Contemplata aliis Tradere

A meagre contribution to the mission and work of the Order of Preachers: my reflections, thoughts, ideas and the occasional rant on matters mainly theological, philosophical and ecclesiastical, drawn primarily from my reading and experience of life and the world. Striving to be always Catholic, firmly Christian and essentially Dominican, flavoured with dashes of Von Balthasar.

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Location: Oxford, United Kingdom

A son of the English Province of the Order of Friars Preachers (Dominicans); born in Malaysia but have lived in the USA, Singapore, the UK & the Philippines for varying durations. A pilgrim and way-farer, a searcher for Truth on the journey of Life... "Wherever the Catholic sun doth shine, There’s always laughter and good red wine. At least I’ve always found it so. Benedicamus Domino!" - Hilaire Belloc

Sunday, July 03, 2005

The Queen of Virtues

The musical morality play, 'Ordo Virtutum', that I watched last weekend called Humility the Queen of Virtues and the wounded soul goes to her for healing, invoking her as "O vera medicina", true medicine. In a similar manner, the Lord in today's Sunday Liturgy calls on the overburdened and tired soul to go to him for rest and healing, for he is "gentle and humble in heart" (Mt 11:29). Something about Jesus' humility becalms the souls, gives rest and attracts. As such, he can say: "Come to me..." (Mt 11:28) and truly one who beholds his humble and gentle heart will be drawn to him.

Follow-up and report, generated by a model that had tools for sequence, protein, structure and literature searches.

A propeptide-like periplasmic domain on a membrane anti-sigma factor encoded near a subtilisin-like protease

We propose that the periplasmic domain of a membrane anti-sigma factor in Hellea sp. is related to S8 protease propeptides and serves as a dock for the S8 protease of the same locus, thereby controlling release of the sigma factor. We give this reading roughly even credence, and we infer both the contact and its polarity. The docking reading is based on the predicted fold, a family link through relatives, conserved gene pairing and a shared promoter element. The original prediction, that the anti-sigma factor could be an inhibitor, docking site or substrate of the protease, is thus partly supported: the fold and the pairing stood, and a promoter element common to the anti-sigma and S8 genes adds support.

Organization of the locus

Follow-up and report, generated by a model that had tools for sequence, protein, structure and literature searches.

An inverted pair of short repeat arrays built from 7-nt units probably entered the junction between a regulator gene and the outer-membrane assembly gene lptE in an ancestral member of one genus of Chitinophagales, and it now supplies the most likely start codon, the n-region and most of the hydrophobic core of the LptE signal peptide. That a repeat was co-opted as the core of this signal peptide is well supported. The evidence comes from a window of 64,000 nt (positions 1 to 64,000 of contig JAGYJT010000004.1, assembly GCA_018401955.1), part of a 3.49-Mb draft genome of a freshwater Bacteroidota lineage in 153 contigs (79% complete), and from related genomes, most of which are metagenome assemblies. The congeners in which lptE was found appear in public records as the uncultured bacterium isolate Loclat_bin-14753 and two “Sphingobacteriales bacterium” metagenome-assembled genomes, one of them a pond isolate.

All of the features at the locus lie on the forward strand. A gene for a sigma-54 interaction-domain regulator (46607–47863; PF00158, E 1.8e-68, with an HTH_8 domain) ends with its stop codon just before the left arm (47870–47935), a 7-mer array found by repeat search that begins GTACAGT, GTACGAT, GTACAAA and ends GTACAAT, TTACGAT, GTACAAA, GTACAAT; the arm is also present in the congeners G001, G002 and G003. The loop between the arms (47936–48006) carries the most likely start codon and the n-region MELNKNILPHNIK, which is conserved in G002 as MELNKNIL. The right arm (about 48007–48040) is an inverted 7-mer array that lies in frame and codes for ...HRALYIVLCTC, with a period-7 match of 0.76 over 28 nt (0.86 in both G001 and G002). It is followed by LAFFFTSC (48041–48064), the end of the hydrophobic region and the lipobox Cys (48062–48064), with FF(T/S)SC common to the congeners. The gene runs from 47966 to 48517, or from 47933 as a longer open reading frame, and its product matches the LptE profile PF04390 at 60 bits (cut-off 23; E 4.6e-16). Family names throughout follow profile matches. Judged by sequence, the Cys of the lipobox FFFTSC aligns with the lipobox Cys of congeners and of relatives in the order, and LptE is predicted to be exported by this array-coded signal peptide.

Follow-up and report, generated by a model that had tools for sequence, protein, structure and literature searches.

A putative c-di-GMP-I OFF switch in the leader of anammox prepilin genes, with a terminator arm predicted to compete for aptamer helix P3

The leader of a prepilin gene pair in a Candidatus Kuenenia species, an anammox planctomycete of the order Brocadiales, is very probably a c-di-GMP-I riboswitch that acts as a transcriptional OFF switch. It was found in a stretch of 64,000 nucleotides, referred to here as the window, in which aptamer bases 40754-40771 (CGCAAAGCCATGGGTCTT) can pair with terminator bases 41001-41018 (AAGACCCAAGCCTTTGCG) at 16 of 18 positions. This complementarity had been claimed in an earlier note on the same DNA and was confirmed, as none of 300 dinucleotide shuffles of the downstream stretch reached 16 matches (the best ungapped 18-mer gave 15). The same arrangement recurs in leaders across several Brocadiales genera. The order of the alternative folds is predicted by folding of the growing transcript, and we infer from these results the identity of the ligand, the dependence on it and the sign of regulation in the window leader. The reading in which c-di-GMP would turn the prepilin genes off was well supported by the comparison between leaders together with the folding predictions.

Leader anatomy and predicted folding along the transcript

In my experience the most attractive people are those who are gentle and humble.

Only yesterday, the parish of St Stephen's buried a gentleman who was very accomplished and well-respected in the town, a doyen of local society and head of a prominent local family, an administrator of Skipton Castle. But despite all this, he was, by all accounts, a humble and kind man, gentle with people, full of humour and loving. These qualities are evident in his sons and it was even commented upon by the undertakers, in contrast to his other clients! This family had every right to demand a grand funeral but from the very start they insisted on a simple Mass and their unassuming and humble ways stood out in contrast to the many grandiose and fussy funerals I have witnessed. And this kind of humililty and kindness is very attractive. I can think of learned priests and theologians, bishops and abbots, titled lords, great men and women of society whom I have met and the ones who impressed me most and drew me to them were those who were simple, unassuming and kind - they had a true humility and gentleness of heart. I have much to learn from them! In comparison, those who are proud, who lord it over others, who are vainglorious and pretentious are often the most repulsive people. Such people may have great accomplishments behind them but somehow their pomposity negates their achievements. So, clearly one is drawn to true humility and this is certainly why one is drawn to Jesus Christ.

But humility does not mean that one has to ignore or hide one's talents and achievements. In fact the nature of humility is such that it shines brighter in a person with talents and accomplishments of some degree. "Humility in another is beautiful to see", said Basil Cardinal Hume, OSB, and it is best expressed in a person who knows one's own worth but recognises that this comes as a gift from God and so does not deserve any praise for it. It is also a recognition of just how much one in lacking in one way or another. For the opposite of humility is pride which is a certain self-sufficiency whereby one regards oneself as all-important, all-knowing and all-capable; one is deluded with imaginations of self-apotheosis. For only God is self-sufficient; creatureliness, by its very nature and definition is one of lack and needful-ness. And these latter characteristics are implicit in any child. As any parent and adult knows, children rely on them for sustenance, growth and flourishing.